The ending was very Stephen King; I did not really know how he was going to end it, and although it is not bad it could perhaps have been better. I know of other people who liked/hated the ends of others of his novels (The Stand - I personally had no problem with the ending there) so you may like it.

Overall if you are a King fan then this is worth reading, but if I was to make a short-list of his best books this would not be one of the ones at the top of the list, but probably in the middle. It is good if you don't want to read one of his genuine horror yarns though.
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Format: Paperback Verified Purchase
The Dark Half is, appropriately enough given its subject matter, one of those novels where the author's life and the author's work overlap. Stephen King published a few early books under the name Richard Bachman and then, when the secret was out, he 'retired' Bachman from service. In The Dark Half novelist Thad Beaumont publishes literary works under his own name and violent pulp thrillers under the name George Stark. When a needy lowlife stumbles across the secret Thad decides to kill Stark off anyway and avoid the possibility of blackmail but the trouble is Stark refuses to stay dead.

I think the premise behind The Dark Half is about as good as a horror novel can ever hope to have - a respected novelist with a wife, kids and a comfortable lifestyle in staid middle-class America who finds himself pursued and threatened by a violent alter ego who really shouldn't exist. I sense King had great fun with the idea himself and the result is a fantastically over the top homage to Jekyll and Hyde and The Picture of Dorian Gray on the one hand and the pulp EC Comics - notably the Tales from the Crypt series from the mid-1950s - on the other. The tag-line for the novel is 'George Stark. Not a very nice guy' and Stark's insane murder spree as he bumps off interfering cops, nosy journalists and literary publishers before targeting Thad and his wife is as accomplished and unpleasant a piece of pulp noir writing as you'll ever find. It's to the book's benefit that even though Stark is an abomination it's impossible not to have a sneaking admiration for him. He may have no right to exist but having crawled into reality from the dark-side of an author's imagination he's going to have a damn good stab at staying there.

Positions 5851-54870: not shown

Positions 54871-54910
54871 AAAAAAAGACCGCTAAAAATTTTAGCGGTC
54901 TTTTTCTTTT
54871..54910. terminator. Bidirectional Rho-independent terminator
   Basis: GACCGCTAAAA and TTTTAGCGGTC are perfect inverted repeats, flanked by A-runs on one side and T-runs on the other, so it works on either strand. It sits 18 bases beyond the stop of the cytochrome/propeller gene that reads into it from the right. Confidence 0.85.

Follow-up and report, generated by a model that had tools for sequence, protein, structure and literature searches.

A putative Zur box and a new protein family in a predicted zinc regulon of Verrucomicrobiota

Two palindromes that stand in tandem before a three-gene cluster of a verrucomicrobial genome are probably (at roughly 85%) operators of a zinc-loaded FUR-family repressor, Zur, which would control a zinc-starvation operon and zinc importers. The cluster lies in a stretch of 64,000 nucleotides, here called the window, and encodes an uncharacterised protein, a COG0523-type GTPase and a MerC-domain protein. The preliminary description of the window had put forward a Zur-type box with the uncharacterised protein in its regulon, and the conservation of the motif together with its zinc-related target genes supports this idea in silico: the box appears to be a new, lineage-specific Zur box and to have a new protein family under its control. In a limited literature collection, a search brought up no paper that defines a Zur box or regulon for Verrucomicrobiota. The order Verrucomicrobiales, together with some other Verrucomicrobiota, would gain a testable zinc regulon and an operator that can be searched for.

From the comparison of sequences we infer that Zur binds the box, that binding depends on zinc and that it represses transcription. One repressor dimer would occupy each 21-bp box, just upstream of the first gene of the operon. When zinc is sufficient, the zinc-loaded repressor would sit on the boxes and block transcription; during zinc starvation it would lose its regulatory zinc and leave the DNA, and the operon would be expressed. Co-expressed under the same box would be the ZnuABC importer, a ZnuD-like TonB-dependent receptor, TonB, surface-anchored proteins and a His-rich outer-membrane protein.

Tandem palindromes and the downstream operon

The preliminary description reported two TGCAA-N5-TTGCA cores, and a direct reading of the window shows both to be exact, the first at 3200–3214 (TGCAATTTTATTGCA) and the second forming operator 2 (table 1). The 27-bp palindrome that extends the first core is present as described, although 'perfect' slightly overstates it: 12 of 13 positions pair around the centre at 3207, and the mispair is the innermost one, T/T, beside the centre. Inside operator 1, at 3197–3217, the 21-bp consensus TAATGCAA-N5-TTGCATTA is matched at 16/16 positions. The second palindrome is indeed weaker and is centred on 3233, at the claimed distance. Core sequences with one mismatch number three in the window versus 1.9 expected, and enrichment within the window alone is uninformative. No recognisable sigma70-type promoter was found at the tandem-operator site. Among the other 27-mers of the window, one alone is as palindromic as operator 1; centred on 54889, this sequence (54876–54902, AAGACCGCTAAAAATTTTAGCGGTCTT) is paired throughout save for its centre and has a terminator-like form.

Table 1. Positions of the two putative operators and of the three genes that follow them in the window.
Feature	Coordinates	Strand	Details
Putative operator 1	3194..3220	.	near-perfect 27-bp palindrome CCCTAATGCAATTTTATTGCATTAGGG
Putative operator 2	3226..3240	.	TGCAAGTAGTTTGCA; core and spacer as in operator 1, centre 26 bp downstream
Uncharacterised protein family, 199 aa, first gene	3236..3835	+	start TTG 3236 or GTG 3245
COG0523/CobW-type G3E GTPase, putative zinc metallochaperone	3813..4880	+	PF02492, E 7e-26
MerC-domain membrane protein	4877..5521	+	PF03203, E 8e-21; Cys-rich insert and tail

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Format: Paperback
I have read a large number of Stephen King books and am yet to find a disappointing title. The Dark Half was excellent in the way King manages to base a story around such a small amount of characters yet still engages the reader from start to finish.
Another stand out point from previous novels I have read from King was the excessive gore used to describes the murders in the story. These however only manage to emphasise the scares and thrills contained in the plot.
For me it would undoubtedly have won a five star rating, if only the ending had been slightly more inspiring, but to be honest the rest of the book alone makes up for any slight let down.
joe hindley
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Format: Paperback Verified Purchase
Oh how right Thad Beaumont was, if he had known how right he was maybe he would have helped himself and the people who helped Stark's writing career end.

Thad Beaumont is a normal writer, a man with a wife and children but something happened when he was a child, something that has not and will not happen again.

George Stark is the Author of such novels as Alexis Machine etc. and he pays Thad's bills.
Thad decides that George Stark is no good for him and needs to get him out of his life. How easy that will be, you will have to find out.

A brilliant book with many twists and turns along the way. Beautifully written as always and kept in the horrific context I have come to expect from this legendary thriller writer.